Squeeze of lime juice
Shake well and serve up in a martini glass. Garnish with a lemon wedge.

Sunshine in Malibu
(Recipe courtesy of Malibu Rum, in honor of the nominated film Little Miss Sunshine)
1 part Malibu Mango Rum

1 part Malibu Pineapple Rum
Fill with orange juice

Combine ingredients in a highball glass over ice.

Babel-On the Rocks
(Recipe courtesy of Kahlua, in honor of the nominated film Babel)
2 parts Kahlua
1 part Stoli Elit
Float 2 parts half & half
Serve over ice in a rocks glass.

Lychee Letters
(Recipe courtesy of SOHO Lychee Liqueur, in honor of the nominated film Letters From Iwo Jima)
.5 part SOHO Lychee Liqueur
2 parts Martell Cognac VSOP
1 part pomegranate juice
1 part orange juice
Spoonful of sugar
Serve over ice in a rocks glass.

Want Even More Cocktails??

Hpnotiq burst onto the scene a few years back as the must-try cool liqueur. Celebs who love it include: Terri Hatcher, Justin Timberlake, P. Diddy, Katharine McPhee, Terrance Howard, Wilmer Valderrama, Jamie Lynn Sigler, Gabriel Union, Kanye West, Busta Rymes.

The Oscar-Tini

2 oz. Hpnotiq
2 oz. champagne

Pour in Hypnotiq, top with champage, and sparkle!

Latin Sizzler
(A salute to rising Mexican cinema, courtesy of Mixologist, Keith Andreen)
2 parts Sauza® Tres Generaciones Añejo Tequila
3⁄4 parts DeKuyper® Triple-Sec
1 teaspoon full of powdered (confectioner’s) sugar
1 oz. of freshly squeezed lime juice
3⁄4 parts DeKuyper® Pomegranate Liqueur

Shake Sauza® Tres Generaciones Añejo Tequila, DeKuyper Triple-Sec, powdered sugar and lime juice vigorously. Serve up in a salt-rimmed martini glass. Float DeKuyper® Pomegranate Liqueur and garnish with a lime wedge.

The Top of the Pop
(For crooners and swooners nominated for this year’s Academy Awards such as Mark Wahlberg, Will Smith and Eddie “My Girl Wants to Party All the Time” Murphy, courtesy of Mixologist, Keith Andreen)

1 part ABSOLUT® KURANT Vodka
1 part DeKuyper® Wilderberry® Schnapps
Float of Champagne
1⁄2 part Raspberry puree
3 fresh Blueberries
2 fresh Raspberries
1 fresh Blackberry
1⁄2 packet of POP Rocks! ® Blue Raspberry Candy

Neatly, pour raspberry puree into a martini glass, then sinkberries into it. Shake Absolut Vanilla, Absolut Kurant and DeKuyper Wilderberry Schnapps and gently layer over the puree. Top with Champagne. When ready to drink, pour in the POP Rocks! Candy.

Thursday, February 22, 2007

LA Becomes Even More Thrilling

Like Daily Candy For Boys...

For years, we girls have had the upper hand when it comes to whats.hot.now! Ladies across the land (and across the pond) can sign up for daily emails telling us 'who' to wear, how to do it and where to show it off.

Now the boys can have an inside track to all things cool, too. Thrillist is a free service sending daily tips to cool places to eat / drink / buy. Already a hit in NY, Thrillist is coming to LA-LA, and we girls are glad for it! A man "in the know" is a sexy bastard, indeed.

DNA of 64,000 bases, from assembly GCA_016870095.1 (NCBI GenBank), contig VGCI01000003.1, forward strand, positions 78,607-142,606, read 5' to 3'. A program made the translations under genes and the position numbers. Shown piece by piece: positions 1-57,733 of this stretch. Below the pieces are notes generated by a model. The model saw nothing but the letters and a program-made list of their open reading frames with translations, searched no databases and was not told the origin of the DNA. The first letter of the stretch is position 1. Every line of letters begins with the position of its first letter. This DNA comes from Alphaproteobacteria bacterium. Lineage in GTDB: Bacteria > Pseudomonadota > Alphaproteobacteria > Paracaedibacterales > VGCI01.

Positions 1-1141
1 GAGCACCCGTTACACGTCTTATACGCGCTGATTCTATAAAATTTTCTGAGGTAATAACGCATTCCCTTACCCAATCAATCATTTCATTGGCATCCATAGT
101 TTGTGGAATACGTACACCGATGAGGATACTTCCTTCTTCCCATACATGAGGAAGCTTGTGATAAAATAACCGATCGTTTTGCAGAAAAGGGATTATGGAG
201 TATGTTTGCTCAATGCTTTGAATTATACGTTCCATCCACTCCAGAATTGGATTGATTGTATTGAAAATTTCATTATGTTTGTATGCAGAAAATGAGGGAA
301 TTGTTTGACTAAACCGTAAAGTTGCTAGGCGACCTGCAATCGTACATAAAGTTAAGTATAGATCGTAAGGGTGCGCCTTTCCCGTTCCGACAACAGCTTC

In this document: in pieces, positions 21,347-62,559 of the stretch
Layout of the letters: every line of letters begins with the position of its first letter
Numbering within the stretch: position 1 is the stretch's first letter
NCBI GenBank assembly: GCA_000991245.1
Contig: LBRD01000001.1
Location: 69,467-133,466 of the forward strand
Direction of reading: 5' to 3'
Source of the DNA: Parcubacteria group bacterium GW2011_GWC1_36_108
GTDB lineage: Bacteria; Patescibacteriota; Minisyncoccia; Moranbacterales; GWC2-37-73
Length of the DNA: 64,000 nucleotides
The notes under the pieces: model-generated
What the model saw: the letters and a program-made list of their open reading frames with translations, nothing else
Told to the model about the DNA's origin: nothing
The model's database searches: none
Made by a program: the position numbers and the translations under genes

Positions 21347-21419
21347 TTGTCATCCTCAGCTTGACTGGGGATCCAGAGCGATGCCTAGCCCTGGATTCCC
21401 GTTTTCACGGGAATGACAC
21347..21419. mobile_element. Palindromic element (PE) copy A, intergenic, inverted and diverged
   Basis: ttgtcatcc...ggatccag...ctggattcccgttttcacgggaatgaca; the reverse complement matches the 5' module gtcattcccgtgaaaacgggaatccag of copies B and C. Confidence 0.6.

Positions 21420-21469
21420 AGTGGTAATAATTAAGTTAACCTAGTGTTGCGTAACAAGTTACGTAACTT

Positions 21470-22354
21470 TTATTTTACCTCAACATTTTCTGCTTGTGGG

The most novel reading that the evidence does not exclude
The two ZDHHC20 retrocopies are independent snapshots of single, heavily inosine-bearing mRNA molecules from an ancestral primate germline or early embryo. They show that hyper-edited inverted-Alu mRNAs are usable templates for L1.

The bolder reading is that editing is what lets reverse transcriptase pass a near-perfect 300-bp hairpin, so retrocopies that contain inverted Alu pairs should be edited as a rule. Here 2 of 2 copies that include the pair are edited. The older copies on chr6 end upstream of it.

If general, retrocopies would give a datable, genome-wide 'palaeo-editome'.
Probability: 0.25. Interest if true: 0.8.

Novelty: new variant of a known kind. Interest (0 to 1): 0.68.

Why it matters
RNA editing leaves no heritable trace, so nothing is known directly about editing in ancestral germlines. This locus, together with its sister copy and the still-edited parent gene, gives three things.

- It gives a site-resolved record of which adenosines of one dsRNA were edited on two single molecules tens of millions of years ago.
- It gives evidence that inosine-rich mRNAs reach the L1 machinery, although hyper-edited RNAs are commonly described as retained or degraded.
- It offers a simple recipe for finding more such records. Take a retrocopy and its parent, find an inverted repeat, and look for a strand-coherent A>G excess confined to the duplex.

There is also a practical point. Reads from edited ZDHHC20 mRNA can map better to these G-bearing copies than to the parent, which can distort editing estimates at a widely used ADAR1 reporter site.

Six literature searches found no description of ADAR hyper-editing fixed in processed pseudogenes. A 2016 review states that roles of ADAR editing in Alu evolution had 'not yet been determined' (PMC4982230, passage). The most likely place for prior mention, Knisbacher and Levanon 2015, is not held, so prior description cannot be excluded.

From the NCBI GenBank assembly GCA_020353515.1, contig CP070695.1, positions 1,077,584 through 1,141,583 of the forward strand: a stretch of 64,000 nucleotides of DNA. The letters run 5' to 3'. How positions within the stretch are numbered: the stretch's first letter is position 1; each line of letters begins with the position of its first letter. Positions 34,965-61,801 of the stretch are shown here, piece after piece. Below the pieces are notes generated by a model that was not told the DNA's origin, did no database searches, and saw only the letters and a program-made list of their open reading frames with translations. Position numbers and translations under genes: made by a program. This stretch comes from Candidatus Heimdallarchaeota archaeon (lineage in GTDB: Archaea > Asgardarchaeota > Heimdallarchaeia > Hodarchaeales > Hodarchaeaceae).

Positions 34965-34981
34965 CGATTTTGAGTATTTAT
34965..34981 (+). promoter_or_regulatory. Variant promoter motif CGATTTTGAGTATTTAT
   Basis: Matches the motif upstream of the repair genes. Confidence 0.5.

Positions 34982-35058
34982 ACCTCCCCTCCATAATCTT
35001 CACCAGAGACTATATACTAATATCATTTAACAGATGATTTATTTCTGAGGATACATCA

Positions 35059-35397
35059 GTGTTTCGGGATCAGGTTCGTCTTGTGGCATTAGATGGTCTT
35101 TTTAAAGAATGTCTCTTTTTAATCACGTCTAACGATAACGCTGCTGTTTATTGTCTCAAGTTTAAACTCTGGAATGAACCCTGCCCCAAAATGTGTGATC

The Luckiest Skydiver in the World… and the Unsung Hero

The rest of the story…

My friend, Ali, emailed me from New Zealand, a week ago, and said she and her husband, Jon King, friend Michael Holmes and his girlfriend, Phillipa, would be in the US. They were going to New York because the boys would be on The Today Show and then coming to LA for The Tonight Show. They had turned down Oprah and Ellen because there wasn’t enough time.

At first, I was amazed by the news, given that they are not movie stars, best-selling authors or political figures. They are laid back folks who live in Taupo, New Zealand who happen to be skydivers. Well, ok, a bit more than that. Mike and Jon happen to be champion skydivers and ranked among the top in the world. It was amusing (and charming) to me that the crew had no idea how big these shows are – and that like, oh… nearly everyone in America watches at least one of them!

So, NBC flew them over biz class, first-rate hotels, limos – the whole star treatment. What I found astonishing though, listening to Matt Lauer and Jay Leno interview Mike about his death-defying accident, is that only 1/2 of the story seemed of interest to the media.

At 24 years old, Mike came face-to-face with death. He and Jon work at Taupo Tandem, a skydiving center in New Zealand (that’s down by Australia, folks. While here, most Americans they met had no idea where it is...). Anyway, when Jon and Mike are not competing in canopy flying competitions or doing “fun jumps,” they work filming tourists doing tandem jumps (strapped to a professional).

On a routine jump, in December, Mike pulled the ripcord to open his chute, and had a problem. With 7000 jumps under his belt, he knew what to do in case of emergency: free himself of the main canopy and release the reserve chute packed beneath it. But, there was a glitch. The main chute got caught in the hood of his jacket and didn’t release. This meant that opening the reserve would be even more dangerous because it would tangle with the first one, and Mike would fall even faster.